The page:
“Were they good fighters?” I said.
“They’re not good fighters,” he said, “but they got a bunch of us. They knew we were clearing every building. And they’d learn from us. Whenever we went to a position we always filled sandbags and stuff like that.”
“And they would do the same thing,” he continued. “They knew that if we couldn’t come through the front door, we’d go through the back door. So they would barricade one door and leave one open. And they’d put a bunker and a machine gun down that main hallway. They would sit in the back corner of a room and soon as you kicked open the door they would just keep firing. So maybe they weren’t very good fighters, but they were quick to adapt and were actually pretty smart.”
“I’ve read that some of these guys injected themselves with drugs,” I said.
“Yeah,” he said, “we found syringes, different types of drugs. The corpsman tried to explain to me what they were at the time, but I didn’t really pay attention to him. They found a lot of medical stuff like that, but for the most part they were just smart. They basically knew what we were going to do every time. We would clear the house, so all they had to do was wait.”
“Do you talk about this stuff with your friends and family?” I said. I was curious if he, like Corporal Koch, kept the war all bottled up inside to himself.
“If they ask, I’ll tell them,” he said. “It doesn’t really bother me. The more people understand what’s really going on over here, the more support they’ll give us.”
“What do you think of the media coverage?” I said. “I don’t mean generally, I mean specifically about Fallujah. Or did you even see any of it?”
“We had Fox News,” he said. “They were with India Company. We had Max Becherer from Time magazine. He went everywhere with us. He actually saved my life. He pulled me up over a building. I was starting to fall and he grabbed me and pulled me over. During that time the coverage was actually pretty accurate.”
Fallujah is only beginning to recover from violent trauma. This girl became extremely distressed when she saw Marines walking toward her. I tried to smile and wave to put her at ease, but she refused to look at any of us.
“What’s the most important thing Americans don’t know about Fallujah that they should know?” I said.
“Now or then?” he said.
“Either,” I said. “Both.”
“I think for the most part, then, the city was bad,” he said. “We did what we had to do to give the city back to the people. And now the people of Fallujah just want their lives back. They’re tired of fighting. They’ve been fighting for almost five years now. They want stability. They want to be secure and not worry about Al Qaeda, not worry about coming up on a military convoy too fast and getting shot at. They don’t want to be stopped in the city. They want to be left alone and just live their lives like we do back in the United States.”
“Did you get the sense that people didn’t want that back then,” I said, “or that most of them did and that this place was just taken over?”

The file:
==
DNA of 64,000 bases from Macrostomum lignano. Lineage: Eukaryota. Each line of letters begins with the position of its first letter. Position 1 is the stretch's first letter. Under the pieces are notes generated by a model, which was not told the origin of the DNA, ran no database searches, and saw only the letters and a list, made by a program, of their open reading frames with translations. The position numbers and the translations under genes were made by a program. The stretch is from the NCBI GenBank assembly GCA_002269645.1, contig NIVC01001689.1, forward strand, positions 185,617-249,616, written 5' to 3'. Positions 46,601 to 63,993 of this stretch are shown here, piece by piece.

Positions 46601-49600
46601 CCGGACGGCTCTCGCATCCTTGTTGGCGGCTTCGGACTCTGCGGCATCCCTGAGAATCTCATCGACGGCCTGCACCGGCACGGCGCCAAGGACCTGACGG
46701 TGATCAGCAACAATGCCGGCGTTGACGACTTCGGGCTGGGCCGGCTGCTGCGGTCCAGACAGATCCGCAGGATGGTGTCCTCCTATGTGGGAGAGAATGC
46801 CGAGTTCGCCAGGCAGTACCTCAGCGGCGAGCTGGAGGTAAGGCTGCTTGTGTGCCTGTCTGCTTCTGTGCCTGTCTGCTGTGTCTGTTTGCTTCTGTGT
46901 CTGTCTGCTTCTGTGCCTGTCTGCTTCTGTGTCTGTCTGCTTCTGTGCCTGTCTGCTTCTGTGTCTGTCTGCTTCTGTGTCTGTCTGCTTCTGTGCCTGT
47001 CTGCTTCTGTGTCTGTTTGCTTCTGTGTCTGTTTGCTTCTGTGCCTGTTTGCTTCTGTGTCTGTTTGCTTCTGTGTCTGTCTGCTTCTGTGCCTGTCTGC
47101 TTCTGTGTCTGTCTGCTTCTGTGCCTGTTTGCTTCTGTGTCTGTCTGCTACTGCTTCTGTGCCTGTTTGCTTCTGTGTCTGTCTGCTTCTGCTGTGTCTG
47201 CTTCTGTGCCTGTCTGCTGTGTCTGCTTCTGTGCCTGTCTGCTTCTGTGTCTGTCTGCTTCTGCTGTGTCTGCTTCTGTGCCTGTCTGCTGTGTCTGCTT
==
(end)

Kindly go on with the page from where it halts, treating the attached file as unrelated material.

“It was just taken over,” he said. “It was that bad. There were insurgents everywhere.”
“Did the average person who lived here support you guys, the insurgents, or were they caught in the middle and didn’t know which way to jump?” I said.
“They were fence-sitters, as Colonel Malay would say,” he said. “They may not have really trusted Americans, but they knew if they were with the insurgents we were going to come after them and kill them. So they basically just sat in the middle.”
“What changed here?” I said. “Why did it flip?”
“Fallujah is getting a good city government,” he said. “The police force is really good now. They do their own stakeouts, their own intel. They’re really good. The Iraqi Police caught a high value target not too long ago, back in October I believe. They’re always finding IEDs or weapons caches.”
“Old IEDs or new ones?” I said.
“Both,” he said. “They found a 200-pound Russian warhead the other day. On the north side of the city, in the northwest corner. It was half exposed. I’m not sure how it was exposed. There is some work being done up there, so I don’t know if whoever is working there exposed it or what. I just know that they found it and came to us. So we called the EOD [Explosive Ordnance Disposal] team and they came out and disposed of it.”
“How does it feel to be back?” I said. “Are you surprised by what it’s like now?”
“Oh, definitely,” he said. “From what I understand, after 3/5 left the first time it became very bad. There were snipers all the time, IEDs all the time. And then — I’m not sure which unit — they came in and the city pretty much changed overnight. The attacks stopped. People are happy to see us out here. From hearing that when we were here it was good, then hearing that it went bad again, and now hardly any attacks on us, it’s just amazing.”
“Was it worth it, do you think?” I said.
“Yes,” he said without hesitation.
“Why?” I said.
“We got rid of an insurgency and fought the bad guys,” he said. “That’s why people join the Marine Corps, to go and fight.”
Marines live and work in the back of this shot up house
I laughed. Marines like to say this sort of thing. They seem slightly more disappointed than Army soldiers when there’s nobody to shoot at. Many I’ve spoken to want to redeploy to Afghanistan where they can still “get some.” At the same time, it seems they’re happy to see that the war in Fallujah has been practically won.
“So yeah,” he continued. “It was worth it. We got rid of a tyrant. It sounds bad, but I’d rather fight insurgents over here than have more attacks in the U.S. A lot of people, I think, don’t understand that if we weren’t over here — maybe not in Iraq, but in the Middle East — I think more attacks would be going on in the United States. Why would they go and fly all the way to the United States when they can just fight us over here? That’s just my personal view on it.”
“What do you think of the people who live here?” I said.
“I think they’re normal everyday people who are just trying to get their lives back,” he said. “They’re tired of being threatened by Al Qaeda. They’re tired of having war in their country. They just want to be left alone. They don’t necessarily want to go back to the way things were when Saddam was here. They just want a normal life.”
“We’re not here to fight for Iraqis,” Lieutenant Mike Barefoot said to me later. “But we start to feel like we are after a while. During training a lot of Marines said they hated Iraqis. I don’t hear that anymore.”